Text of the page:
Remember when I said I explored all the government models we've tried and documented as a species? I noticed something really interesting in that research. The wealthy tend to have most of the money in all societies. I don't care if you look at a dictatorship, communist China, or the USA–the income distribution curve is really similar across all of them. Many political revolutions are launched with the goal of changing this, and some succeed in the near term, but in the long run you see this curve return. It looks something like this:
In the image above, the horizontal axis is people and the vertical axis is money. Over time, on average, 20% of the people have 80% of the money. The model of government doesn't matter, a change in government model can temporarily reshape this curve but time will bring it back. Now here's the crazy thing. If you were to graph make this graph with one axis being all the words in a book and the other being how often they are used it would look the same. What if you graph the frequency and magnitude of earthquakes? Same curve. What about the mass of stars in a galaxy? Same curve. How about the distance of planets from our sun? You got it, the same curve appears again.
ow look at the reach of media companies. Before the Internet, 20% of media companies held 80% of the reach. The Internet completely disrupted and blew up that curve–at first. Until you find that today, 20% of the websites get 80% of the traffic and about 20% of the Twitter profiles have 80% of the followers. Almost anytime you have a large enough system that self organizes via emergent complexit you see the emergences of the Power Law. Gravity, capital, influence all act as forces that pool resources or information once a critical mass is attained. Disruptions in a system may destabilize this, as the Internet did for media, but once that disruptive force is incorporated into the system, the Power Law reasserts itself.
So where does that leave us in American politics? Most people don't deny this curve exists. Instead they disagree on why it exists and what should be done about it. Conservatives look at this curve and say that hard work, talent, ambition and determination are the key to moving toward the green. They're often right. I personally know many people from modest or even very poor beginnings who have gained personal fortunes worth millions of dollars or more through those virtues. They make a compelling anecdote. Meanwhile liberals look at this curve and say that the underlying force is greed. They're often right. I personally know hardworking, intelligent people who are near or below the poverty line. They put in as many hours or more as others. Some put themselves through college via hard work, and then find that their post-college income is not really any higher. Meanwhile, there are some in that 20% who were born into money and are lazy and uninformed.
Conservatives say the solution is clear. We should reduce government influence and allow the market to do what it does best: create wealth. After all, every dollar devoted to tax revenue can't be spent on employees, production or growth. On the other hand, liberals say the best approach is to regulate business to control greed and reckless investment. After all, any truly just society can't stand by why people suffer in poverty.
Both these philosophies strike me as frustratingly simple in the context of emerging complexity. We have a profession dedicated to the treatment of problems in one of our favorite complex systems: the human body. It's called medicine. In the medical world, blanket ideologies are quite rare. Instead different treatment strategies exist for different conditions with the implicit understanding that no approach is universal. The left/right to me seems like doctors who would say "Take an antibiotic every day" or "Never take an antibiotic." These strategies are both terrible. One would devastate the myriad of organisms responsible for supporting your own cells, and the other would throw us back more than a century in public health. You'd never go to a doctor with such a simplified model of medicine. Yet in the political world, the intentional, prescriptive approach to problem solving is rare.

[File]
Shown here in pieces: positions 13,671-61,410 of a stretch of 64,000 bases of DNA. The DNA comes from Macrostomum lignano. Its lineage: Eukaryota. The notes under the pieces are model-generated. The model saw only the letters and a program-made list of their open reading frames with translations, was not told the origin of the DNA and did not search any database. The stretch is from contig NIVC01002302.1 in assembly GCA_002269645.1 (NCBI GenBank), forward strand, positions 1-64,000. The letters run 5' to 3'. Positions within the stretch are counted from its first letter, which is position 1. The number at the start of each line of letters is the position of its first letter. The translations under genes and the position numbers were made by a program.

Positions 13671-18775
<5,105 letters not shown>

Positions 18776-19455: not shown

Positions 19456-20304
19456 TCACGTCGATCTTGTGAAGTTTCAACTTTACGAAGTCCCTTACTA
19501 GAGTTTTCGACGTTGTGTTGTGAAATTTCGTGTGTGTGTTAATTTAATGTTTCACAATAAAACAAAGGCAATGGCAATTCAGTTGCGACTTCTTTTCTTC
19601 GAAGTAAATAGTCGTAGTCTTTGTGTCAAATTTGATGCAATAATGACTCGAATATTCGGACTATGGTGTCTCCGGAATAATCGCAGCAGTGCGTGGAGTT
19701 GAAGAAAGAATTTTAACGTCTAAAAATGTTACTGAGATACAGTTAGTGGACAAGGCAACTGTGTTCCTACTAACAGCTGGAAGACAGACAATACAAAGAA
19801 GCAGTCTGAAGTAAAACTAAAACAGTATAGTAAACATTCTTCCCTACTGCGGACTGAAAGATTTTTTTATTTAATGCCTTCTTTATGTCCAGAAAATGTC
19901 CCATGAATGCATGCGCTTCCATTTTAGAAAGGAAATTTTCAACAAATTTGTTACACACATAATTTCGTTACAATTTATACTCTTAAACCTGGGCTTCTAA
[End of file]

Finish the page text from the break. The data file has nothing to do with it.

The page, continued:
I said this post was about my peace with American politics, not my frustration. Let me tell you about how I restored my faith in our Representative Democracy and its always warring Two Parties. Although our parties differ on many issues, they share a belief in many common American values. Neither party seeks to halt elections, although neither is above playing dirty when it comes to winning either. Both parties are sympathetic to corporate interests. Both parties value private property rights–no one is advocating true socialism (I can't wait to read the comments from that statement). Why, then, is America so successful over time if the differences in the two party platforms are oversimplified in the face of complexity?
Selection. When times are good, incumbents rule the vote. When things go bad, challengers start taking office. Approval ratings and voter turnout are a selection pressure. Much like natural selection in organisms, political strategies that are timely are favored. Now, this is all made more complicated because there can be a real lag between policies that produce results and election cycles, but ultimately throwing everyone out of office every few years works for political memes in a manner that looks remarkably similar to what happens to DNA over generations. Let's call it political selection.
Here is where my faith in our system is restored. While either party may be overly impressed with their memes, the founding fathers were clever enough to build a system where government must adapt over time to the changing patterns and behaviors in an incredibly complex system called society. We may have great ups and downs, but so far the American Experiment has worked remarkably well.
look forward to the next roll of the political dice, and another voluntary disruption of our governance model.
Ars Technica has a great write-up on some news from QuarkMatter conference. Heavy ion collisions at the Relativistic Heavy Ion Collider and Large Hadron Collider are providing us with more information on Quark-Gluon Plasma--the stuff that existed moments after our Universe was born. The data gives us a glimpse of why we are made of matter instead of antimatter and what may happen with normal matter can interact with QGP.Read More